$ ./flamegraph.pl --countname us foo.txt > foo.svg
If you use PETSc stages in your code these will be ignored in the flame graph.
If you call
PETSc.Log.begin()as part of your script/package then profiling will not work as expected. This is because this function starts PETSc’s default (flat) logging while we need to use nested logging instead.
This issue can be avoided with the simple guard:
from firedrake.petsc import OptionsManager # If the -log_view flag is passed you don't need to call # PETSc.Log.begin because it is done automatically. if "log_view" not in OptionsManager.commandline_options: PETSc.Log.begin()
When solving PDEs, Firedrake uses a PETSc
SNES (nonlinear solver)
under the hood. Every time the user calls
SNES is created and used to solve the problem. This is a
convenient shorthand for scripts that only need to solve a problem
once, but it is fairly expensive to set up a new
SNES and so
repeated calls to
solve() will introduce
To get around this problem, users should instead instantiate
a variational problem (e.g.
and solver (e.g.
NonlinearVariationalSolver) outside of
the loop body. An example showing how this is done can be found
in this demo.
Here we present a handful of performance analysis tools that users may find useful to run with their codes.
py-spy is a great sampling profiler that outputs directly to SVG flame graphs. It allows users to see the entire stack trace of the program rather than just the annotated PETSc events and unlike most Python profilers it can also profile native code.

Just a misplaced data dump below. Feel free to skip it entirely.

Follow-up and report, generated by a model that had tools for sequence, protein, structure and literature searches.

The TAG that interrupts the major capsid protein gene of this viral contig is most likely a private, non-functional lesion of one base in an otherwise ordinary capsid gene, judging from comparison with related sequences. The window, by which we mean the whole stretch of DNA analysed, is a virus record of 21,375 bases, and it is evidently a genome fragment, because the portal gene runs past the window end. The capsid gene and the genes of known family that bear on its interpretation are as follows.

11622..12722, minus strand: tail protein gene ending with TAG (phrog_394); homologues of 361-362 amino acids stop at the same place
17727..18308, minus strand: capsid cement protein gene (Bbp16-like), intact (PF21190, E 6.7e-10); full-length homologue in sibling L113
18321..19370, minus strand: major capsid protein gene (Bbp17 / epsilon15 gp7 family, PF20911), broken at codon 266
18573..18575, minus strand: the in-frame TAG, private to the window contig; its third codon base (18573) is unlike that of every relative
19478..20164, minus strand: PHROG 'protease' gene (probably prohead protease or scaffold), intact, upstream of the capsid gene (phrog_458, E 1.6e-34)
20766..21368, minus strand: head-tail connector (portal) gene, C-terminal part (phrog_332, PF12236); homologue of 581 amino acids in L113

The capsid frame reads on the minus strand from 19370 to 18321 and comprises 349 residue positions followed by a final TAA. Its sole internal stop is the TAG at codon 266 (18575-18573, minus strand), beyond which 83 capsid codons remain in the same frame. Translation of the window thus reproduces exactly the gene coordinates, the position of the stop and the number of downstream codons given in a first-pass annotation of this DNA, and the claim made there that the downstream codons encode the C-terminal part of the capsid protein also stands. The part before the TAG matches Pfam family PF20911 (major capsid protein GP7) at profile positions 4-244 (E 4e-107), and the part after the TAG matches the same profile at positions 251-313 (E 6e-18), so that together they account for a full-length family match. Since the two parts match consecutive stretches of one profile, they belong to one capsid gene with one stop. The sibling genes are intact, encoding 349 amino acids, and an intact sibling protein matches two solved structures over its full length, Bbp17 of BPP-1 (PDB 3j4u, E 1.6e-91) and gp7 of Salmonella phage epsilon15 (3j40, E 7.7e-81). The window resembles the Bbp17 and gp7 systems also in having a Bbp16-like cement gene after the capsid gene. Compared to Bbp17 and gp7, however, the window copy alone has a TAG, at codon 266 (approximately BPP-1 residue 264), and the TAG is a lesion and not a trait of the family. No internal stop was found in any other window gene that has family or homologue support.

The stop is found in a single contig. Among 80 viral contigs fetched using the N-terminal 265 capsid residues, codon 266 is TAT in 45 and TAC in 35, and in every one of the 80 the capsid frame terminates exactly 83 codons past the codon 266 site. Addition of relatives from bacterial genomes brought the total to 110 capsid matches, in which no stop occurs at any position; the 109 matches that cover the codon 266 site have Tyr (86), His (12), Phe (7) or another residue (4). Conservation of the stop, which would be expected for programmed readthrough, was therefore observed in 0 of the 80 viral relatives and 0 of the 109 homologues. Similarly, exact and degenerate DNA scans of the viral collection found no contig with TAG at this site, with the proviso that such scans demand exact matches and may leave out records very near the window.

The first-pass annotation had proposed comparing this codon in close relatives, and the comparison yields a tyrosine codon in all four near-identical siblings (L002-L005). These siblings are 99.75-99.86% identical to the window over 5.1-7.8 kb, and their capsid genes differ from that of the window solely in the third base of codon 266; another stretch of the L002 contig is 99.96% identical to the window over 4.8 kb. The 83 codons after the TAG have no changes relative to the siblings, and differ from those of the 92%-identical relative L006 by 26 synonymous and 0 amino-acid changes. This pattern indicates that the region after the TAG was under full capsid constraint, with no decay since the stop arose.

A flame graph for your Firedrake script can be generated from py-spy with:
$ py-spy record -o foo.svg --native -- python myscript.py
Beyond the inherent uncertainty that comes from using a sampling profiler, one substantial limitation of py-spy is that it does not work when run in parallel.
pyinstrument is a great sample-based profiling tool that you can use to easily identify hotspots in your code. To use the profiler simply run:
$ pyinstrument myscript.py
This will print out a timed callstack to the terminal. To instead
generate an interactive graphic you can view in your browser pass
-r html flag.
Unfortunately, pyinstrument cannot profile native code. This means that information about the code’s execution inside of PETSc is largely lost.
memory_profiler is a useful tool that you can use to monitor the memory usage of your script. After installing it you can simply run:
$ mprof run python myscript.py $ mprof plot
The former command will run your script and generate a file containing the profiling information. The latter then displays a plot of the memory usage against execution time for the whole script.
memory_profiler also works in parallel. You can pass either of the
--multiprocess flags to
depending on whether or not you want to accumulate the memory usage
across ranks or plot them separately. For example:
$ mprof run --include-children mpiexec -n 4 python myscript.py
Score-P is a tool aimed at HPC users. We found it to provide some useful insight into MPI considerations such as load balancing and communication overhead.
To use it with Firedrake, users will also need to install Score-P’s Python bindings.